The Flour Milling Association of Nigeria (FMAN), which comprises the top flour milling firms operating in the country, has been consistently rising to meet the various local wheat value chain challenges and drive the nation towards the attainment of wheat production self-sufficiently.

Under its flagship Wheat Development Programme (WDP) initiative, the milling association channels around N500 million annually into the wheat value chain through various backward integration programmes.

Two of the focal points of the FMAN WDP initiative in recent times are the development and engagement of the national agriculture research systems and the trial of high-yielding wheat seed varieties to improve the level of domestic wheat output.

This strategic value chain development focus has necessitated the establishment of a research farm centre in Ringim LGA, Jigawa State in 2021 in collaboration with the Lake Chad Research Institute (LCRI). The farm is sited on 10-hectare farmland. While fifteen local governments from Jigawa, Kano, and Kebbi were selected to benefit from the research farm project, Jigawa was chosen as the starting point.

The location of the research farm in Jigawa State as a starting point for the FMAN research project can be considered truly strategic to the wheat production self-sufficiency agenda in Nigeria. Jigawa has a strong farming cluster that cultivates around 40,000 metric tons of wheat yearly. The state and Kano rank as the top producers of wheat in the country.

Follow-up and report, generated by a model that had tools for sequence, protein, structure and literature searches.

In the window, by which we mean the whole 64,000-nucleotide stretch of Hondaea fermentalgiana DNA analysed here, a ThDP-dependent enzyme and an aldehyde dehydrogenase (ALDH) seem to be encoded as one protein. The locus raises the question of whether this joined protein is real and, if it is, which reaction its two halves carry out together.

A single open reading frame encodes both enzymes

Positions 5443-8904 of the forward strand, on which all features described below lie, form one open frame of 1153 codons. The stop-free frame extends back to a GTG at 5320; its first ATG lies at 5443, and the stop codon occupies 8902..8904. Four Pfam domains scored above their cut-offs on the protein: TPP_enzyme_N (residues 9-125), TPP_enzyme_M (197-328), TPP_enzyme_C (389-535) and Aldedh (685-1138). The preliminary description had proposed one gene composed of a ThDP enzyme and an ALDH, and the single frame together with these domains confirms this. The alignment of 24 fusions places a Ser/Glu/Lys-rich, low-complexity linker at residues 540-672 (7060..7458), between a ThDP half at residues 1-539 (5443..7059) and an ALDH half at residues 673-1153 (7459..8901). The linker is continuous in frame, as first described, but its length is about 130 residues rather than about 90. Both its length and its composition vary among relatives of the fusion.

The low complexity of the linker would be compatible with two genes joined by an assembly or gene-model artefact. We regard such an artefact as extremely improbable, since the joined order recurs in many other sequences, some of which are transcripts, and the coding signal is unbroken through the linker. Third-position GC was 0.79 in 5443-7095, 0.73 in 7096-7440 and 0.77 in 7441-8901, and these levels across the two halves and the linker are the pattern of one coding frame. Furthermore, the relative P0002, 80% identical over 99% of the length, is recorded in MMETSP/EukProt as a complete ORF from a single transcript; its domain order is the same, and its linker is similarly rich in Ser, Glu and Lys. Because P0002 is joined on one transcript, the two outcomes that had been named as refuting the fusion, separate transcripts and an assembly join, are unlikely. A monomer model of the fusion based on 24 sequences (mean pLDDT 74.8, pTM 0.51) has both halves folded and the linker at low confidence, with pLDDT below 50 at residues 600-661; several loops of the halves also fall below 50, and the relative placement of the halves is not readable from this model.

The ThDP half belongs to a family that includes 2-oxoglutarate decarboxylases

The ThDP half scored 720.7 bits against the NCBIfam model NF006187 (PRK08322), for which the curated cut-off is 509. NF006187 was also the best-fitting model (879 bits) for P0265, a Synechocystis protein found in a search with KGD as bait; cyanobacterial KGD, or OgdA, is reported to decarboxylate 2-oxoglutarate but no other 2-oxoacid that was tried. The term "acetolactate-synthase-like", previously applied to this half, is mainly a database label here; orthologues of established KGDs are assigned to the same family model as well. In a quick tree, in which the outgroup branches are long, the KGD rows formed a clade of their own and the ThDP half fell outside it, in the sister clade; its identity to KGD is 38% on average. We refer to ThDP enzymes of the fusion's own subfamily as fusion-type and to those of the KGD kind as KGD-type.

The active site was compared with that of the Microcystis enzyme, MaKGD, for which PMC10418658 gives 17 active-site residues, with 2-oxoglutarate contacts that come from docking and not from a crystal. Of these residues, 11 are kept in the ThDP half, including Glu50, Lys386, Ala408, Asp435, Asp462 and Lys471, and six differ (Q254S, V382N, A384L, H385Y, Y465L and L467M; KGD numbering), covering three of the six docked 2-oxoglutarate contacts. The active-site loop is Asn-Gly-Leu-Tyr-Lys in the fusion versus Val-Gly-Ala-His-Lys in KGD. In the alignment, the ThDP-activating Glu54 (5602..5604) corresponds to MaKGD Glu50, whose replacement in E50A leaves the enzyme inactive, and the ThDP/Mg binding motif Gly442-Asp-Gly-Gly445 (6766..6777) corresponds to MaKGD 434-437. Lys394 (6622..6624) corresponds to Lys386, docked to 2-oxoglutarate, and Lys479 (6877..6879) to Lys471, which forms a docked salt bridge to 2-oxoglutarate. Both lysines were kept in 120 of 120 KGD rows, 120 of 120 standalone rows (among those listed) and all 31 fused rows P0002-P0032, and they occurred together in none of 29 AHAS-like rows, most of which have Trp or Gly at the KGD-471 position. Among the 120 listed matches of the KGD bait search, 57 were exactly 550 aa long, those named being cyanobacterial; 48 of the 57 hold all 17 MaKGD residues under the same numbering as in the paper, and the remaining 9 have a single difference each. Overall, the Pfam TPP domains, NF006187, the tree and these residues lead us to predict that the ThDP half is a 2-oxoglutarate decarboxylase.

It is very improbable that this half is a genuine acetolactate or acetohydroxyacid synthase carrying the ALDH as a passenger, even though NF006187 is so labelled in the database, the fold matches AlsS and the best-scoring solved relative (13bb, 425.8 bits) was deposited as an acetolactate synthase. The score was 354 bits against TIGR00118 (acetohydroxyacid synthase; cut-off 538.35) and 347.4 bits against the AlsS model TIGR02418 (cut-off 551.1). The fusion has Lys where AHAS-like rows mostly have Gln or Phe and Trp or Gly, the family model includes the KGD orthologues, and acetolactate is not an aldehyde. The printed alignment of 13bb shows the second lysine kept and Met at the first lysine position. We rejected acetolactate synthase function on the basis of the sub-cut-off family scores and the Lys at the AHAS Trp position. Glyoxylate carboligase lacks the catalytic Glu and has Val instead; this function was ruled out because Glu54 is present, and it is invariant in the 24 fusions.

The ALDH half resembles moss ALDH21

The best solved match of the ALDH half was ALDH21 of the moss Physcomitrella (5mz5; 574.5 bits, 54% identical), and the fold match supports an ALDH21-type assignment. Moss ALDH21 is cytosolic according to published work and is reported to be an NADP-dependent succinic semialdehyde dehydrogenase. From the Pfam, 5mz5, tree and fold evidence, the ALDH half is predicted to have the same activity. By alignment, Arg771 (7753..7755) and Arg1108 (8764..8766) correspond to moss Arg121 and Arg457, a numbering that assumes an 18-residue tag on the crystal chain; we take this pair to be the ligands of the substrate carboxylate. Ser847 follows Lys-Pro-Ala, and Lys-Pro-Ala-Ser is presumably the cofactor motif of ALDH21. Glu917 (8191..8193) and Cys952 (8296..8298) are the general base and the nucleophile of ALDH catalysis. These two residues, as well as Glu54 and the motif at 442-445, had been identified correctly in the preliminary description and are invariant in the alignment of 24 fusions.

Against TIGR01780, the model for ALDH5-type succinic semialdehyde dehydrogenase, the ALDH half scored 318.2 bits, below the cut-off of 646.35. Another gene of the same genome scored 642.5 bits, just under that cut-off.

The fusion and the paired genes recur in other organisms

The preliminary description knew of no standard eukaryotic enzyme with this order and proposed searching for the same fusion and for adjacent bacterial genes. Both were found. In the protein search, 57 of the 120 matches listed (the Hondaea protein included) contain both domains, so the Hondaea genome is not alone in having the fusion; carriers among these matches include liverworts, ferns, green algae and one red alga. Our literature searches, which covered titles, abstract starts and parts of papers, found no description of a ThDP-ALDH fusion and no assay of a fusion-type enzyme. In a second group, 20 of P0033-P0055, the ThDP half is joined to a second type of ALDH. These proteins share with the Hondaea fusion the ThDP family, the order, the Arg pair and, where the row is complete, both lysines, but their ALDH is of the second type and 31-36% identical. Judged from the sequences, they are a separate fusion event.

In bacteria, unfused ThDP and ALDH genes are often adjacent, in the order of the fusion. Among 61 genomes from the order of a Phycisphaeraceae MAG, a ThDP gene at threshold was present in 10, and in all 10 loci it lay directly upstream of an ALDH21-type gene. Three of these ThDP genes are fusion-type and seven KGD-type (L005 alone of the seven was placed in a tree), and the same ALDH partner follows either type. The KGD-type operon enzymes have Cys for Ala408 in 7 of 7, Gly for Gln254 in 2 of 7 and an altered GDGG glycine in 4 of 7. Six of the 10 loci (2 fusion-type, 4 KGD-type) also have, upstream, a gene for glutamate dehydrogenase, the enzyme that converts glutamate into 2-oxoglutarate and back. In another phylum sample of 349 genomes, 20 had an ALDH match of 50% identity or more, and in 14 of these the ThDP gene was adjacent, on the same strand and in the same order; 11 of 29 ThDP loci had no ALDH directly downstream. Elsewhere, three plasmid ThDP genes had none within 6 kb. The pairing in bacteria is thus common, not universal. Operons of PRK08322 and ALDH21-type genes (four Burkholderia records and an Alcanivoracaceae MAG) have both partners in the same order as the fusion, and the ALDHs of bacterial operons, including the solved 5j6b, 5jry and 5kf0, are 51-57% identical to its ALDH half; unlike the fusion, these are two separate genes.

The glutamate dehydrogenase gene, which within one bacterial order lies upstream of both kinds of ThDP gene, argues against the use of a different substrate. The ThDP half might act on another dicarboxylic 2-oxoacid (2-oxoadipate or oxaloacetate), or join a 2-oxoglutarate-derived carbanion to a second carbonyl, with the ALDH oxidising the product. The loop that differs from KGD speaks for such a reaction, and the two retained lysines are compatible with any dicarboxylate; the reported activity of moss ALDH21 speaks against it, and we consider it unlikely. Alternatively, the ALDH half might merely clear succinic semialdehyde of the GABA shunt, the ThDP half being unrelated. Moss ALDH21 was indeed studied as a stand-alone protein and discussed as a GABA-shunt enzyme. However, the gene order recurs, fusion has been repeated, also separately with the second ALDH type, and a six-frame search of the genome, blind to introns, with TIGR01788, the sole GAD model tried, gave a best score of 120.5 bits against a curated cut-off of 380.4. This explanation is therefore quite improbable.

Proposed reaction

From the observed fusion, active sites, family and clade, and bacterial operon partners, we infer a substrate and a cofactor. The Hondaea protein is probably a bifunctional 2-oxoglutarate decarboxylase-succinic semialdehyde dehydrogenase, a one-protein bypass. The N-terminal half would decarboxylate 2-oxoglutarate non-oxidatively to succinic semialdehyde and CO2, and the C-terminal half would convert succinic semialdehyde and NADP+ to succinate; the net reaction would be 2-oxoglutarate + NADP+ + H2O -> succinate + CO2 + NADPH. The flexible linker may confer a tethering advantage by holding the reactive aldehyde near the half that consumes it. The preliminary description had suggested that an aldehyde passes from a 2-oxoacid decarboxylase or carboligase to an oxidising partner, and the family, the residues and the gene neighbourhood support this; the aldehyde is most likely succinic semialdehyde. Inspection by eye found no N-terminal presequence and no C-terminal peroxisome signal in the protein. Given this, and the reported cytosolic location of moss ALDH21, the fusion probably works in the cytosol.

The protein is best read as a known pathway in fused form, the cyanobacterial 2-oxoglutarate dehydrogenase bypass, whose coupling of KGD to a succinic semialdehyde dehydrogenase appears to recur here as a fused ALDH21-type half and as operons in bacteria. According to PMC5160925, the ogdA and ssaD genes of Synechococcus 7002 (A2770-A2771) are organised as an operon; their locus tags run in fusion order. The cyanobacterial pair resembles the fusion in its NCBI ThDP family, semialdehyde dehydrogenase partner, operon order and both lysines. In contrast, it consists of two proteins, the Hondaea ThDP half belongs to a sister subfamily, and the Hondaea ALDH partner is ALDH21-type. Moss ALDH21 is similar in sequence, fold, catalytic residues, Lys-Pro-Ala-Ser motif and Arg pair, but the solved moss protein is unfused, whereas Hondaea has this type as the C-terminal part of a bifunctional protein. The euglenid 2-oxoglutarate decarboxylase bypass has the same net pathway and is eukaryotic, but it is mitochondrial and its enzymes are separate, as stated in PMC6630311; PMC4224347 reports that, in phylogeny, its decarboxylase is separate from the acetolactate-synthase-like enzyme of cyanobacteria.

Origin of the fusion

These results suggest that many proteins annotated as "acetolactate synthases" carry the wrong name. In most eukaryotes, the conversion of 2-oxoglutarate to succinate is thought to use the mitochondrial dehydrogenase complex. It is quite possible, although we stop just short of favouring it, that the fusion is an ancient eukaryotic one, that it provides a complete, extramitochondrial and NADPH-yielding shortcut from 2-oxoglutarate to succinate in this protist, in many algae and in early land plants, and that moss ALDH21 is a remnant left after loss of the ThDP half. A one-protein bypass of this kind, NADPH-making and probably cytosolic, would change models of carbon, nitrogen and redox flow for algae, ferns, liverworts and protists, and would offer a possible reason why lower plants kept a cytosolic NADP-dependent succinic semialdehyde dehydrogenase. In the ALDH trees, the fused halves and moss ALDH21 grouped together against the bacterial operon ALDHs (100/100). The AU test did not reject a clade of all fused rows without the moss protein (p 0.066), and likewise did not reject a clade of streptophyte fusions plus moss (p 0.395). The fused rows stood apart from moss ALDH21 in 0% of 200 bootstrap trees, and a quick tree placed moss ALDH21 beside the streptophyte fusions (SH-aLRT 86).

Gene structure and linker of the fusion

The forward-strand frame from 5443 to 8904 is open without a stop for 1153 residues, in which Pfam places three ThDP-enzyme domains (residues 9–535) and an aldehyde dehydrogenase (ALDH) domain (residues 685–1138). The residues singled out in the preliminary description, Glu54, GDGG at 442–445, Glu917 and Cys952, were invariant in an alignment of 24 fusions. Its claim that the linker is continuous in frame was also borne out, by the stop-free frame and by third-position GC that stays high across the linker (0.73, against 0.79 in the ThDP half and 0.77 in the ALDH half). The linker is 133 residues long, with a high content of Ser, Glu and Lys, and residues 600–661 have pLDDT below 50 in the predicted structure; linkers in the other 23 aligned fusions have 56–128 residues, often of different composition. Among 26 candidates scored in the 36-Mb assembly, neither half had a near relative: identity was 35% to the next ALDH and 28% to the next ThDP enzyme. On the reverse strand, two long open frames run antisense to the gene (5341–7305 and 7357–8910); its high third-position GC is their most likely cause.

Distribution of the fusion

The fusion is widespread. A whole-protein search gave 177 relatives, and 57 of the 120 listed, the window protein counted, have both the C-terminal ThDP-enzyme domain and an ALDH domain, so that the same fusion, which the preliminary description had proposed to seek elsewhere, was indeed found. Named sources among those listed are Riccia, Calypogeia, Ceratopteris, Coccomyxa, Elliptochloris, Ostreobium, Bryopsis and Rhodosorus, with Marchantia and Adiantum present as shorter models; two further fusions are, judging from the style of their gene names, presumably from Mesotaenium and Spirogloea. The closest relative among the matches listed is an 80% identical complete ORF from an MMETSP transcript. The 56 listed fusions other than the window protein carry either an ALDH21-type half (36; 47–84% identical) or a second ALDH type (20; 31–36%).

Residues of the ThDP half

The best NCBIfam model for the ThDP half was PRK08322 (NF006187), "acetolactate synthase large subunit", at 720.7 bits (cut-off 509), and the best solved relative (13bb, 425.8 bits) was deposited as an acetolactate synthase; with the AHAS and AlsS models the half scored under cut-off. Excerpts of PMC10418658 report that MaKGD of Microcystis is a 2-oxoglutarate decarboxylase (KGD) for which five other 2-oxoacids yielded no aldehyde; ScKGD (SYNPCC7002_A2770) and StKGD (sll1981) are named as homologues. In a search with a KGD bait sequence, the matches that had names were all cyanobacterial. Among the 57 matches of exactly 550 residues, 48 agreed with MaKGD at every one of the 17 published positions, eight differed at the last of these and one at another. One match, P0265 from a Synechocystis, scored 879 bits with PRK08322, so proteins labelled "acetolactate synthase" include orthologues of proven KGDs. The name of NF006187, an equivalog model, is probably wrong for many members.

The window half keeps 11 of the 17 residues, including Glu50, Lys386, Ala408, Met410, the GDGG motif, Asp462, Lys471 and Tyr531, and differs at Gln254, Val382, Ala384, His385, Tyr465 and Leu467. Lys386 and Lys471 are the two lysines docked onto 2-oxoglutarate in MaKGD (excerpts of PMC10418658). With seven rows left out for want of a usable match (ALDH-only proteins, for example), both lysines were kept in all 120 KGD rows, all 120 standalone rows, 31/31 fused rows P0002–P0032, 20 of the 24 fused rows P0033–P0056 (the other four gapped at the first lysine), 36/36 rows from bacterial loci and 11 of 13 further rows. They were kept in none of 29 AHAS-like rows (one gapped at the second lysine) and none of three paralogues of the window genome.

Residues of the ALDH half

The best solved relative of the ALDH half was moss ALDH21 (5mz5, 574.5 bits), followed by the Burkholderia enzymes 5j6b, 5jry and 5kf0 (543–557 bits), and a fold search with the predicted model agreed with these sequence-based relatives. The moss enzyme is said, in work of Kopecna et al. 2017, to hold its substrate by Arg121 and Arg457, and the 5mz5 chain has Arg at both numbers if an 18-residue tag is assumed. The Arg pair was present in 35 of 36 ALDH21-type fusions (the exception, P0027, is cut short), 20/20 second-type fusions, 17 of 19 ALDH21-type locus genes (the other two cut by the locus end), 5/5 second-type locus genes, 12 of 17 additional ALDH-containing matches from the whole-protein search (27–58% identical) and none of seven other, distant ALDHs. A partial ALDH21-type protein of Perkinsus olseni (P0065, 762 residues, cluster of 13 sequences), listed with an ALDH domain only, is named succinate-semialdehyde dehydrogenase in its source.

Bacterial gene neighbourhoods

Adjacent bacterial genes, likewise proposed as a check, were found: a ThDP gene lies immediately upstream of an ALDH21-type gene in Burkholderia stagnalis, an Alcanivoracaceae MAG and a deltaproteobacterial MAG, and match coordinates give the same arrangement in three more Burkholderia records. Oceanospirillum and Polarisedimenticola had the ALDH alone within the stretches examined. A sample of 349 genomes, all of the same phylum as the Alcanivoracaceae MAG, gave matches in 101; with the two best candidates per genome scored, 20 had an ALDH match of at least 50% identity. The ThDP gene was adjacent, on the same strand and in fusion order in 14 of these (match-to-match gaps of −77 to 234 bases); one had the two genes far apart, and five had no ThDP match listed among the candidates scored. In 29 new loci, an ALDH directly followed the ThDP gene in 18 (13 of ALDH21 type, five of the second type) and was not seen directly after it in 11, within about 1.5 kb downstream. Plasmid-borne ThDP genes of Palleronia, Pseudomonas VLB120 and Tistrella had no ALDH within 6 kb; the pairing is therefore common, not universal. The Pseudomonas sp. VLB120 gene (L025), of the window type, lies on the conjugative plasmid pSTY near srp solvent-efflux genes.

Moreover, the collaboration with the LCRI in establishing the research farm would ensure the rollout of sufficient knowledge banks (scientists, research methodology, and tools) that would help maximize the investment and utilize the certified seed varieties being introduced into the country by FMAN.

Hence, with the support of the LCRI, new seed varieties from Mexico and Sudan are being introduced to the local farms. As well a set of highly adaptable seeds varieties will be trialed and released to smallholder farmers as input.

In terms of educating the farmers on trendy farming practices, FMAN and the local research institute have been able to train the local smallholder farmers on improved agronomic practices. As of the first half of 2021, 5,000 farmers have received farming training while 700 farmers were put through an intensive out-grower programme to help improve their harvest yields.

Generally, the association’s direct value chain investment focus continues to impact the scope of research work undertaken by the local agriculture research institutes.